For the first time, NIMH-funded neuroscientists have boosted a female rodent’s partnering with a male by stimulating connectivity of a brain reward circuit. In a monogamous female vole socializing with a male, the researchers tuned-in to electrical communications in two sites known to be critical for reward processing and social bonding. They discovered telltale signals associated with increases in vole pair bonding behaviors, such as choosing to spend more time together “huddling.” They then optogenetically stimulated neurons in the female’s circuit during a social interaction that does not normally lead to pair bonding. This brain stimulation alone expedited huddling behavior. Increasing activity in the circuit caused a shift toward stronger social bonding. Prior to the study, the researchers knew that the hormone oxytocin worked via receptors in the circuit to trigger such behaviors. Results from this study suggest that individual differences in chemical messenger systems, such as oxytocin, “could underlie how strongly this circuit is activated to promote an enduring bond,” suggest the researchers. Understanding the circuitry of such affiliative behaviors may lead to improved treatments for social impairment in mental disorders. A research team led by NIMH grantees Drs. Robert Liu and Larry Young of Emory University reported on their discovery May 31, 2017 in the journal Nature.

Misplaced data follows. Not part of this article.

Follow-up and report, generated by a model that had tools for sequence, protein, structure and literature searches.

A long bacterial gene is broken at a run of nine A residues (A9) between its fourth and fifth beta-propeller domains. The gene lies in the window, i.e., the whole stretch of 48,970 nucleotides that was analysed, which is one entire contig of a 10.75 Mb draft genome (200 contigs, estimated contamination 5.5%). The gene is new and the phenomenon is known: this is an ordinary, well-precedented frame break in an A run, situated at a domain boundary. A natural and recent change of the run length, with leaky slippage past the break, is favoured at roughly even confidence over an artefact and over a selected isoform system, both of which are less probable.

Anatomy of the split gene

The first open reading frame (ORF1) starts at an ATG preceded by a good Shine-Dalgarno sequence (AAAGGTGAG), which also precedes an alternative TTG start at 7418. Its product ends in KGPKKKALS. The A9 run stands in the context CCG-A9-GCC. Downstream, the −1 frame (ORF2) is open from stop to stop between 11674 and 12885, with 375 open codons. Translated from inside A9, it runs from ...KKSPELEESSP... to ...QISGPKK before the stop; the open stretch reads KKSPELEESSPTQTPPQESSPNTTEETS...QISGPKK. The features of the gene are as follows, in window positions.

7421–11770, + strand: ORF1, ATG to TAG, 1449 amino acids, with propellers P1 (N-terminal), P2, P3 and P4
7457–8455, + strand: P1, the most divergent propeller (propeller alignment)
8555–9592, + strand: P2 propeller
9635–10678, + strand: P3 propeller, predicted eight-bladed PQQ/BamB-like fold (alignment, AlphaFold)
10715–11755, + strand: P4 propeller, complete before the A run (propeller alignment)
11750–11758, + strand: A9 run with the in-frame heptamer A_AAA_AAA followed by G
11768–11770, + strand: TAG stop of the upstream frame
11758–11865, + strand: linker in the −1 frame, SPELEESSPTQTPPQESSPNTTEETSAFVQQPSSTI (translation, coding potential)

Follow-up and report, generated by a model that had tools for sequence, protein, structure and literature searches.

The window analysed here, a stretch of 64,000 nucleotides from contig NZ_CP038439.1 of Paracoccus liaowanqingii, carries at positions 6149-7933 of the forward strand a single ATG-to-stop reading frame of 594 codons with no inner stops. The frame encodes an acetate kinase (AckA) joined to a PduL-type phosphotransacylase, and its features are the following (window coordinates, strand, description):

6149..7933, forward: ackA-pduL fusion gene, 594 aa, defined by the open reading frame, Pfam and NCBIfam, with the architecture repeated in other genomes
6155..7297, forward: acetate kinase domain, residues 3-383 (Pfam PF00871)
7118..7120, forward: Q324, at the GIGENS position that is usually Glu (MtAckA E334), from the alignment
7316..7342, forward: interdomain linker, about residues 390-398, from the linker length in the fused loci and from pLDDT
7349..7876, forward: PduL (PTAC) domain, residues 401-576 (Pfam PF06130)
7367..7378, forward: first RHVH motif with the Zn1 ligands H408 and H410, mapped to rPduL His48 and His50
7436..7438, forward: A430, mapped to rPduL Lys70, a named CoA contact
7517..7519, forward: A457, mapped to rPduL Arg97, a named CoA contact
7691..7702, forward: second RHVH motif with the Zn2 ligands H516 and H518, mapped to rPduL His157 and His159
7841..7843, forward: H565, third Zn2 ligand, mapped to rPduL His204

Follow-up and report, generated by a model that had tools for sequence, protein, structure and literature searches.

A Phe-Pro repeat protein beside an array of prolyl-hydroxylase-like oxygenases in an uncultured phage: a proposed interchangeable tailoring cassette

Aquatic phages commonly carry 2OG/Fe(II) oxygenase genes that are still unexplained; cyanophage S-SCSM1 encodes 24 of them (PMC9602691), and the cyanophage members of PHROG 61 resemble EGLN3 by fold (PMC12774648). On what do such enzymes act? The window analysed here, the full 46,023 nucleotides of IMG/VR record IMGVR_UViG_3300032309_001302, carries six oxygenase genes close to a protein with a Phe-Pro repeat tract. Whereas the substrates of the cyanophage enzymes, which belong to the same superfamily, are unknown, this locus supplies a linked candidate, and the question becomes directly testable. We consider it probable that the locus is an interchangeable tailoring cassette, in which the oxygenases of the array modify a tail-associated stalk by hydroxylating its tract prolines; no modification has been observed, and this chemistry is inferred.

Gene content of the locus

Source: Robert Liu, PhD, Emory University
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Emory researchers closer to cracking neural code of love
Emory University press release
Dynamic corticostriatal activity biases social bonding in monogamous female prairie voles. Amadei EA, Johnson ZV, Jun Kwon Y, Shpiner AC, Saravanan V, Mays WD, Ryan SJ, Walum H, Rainnie DG, Young LJ, Liu RC. Nature. 2017 May 31. doi: 10.1038/nature22381. [Epub ahead of print] PMID: 28562592
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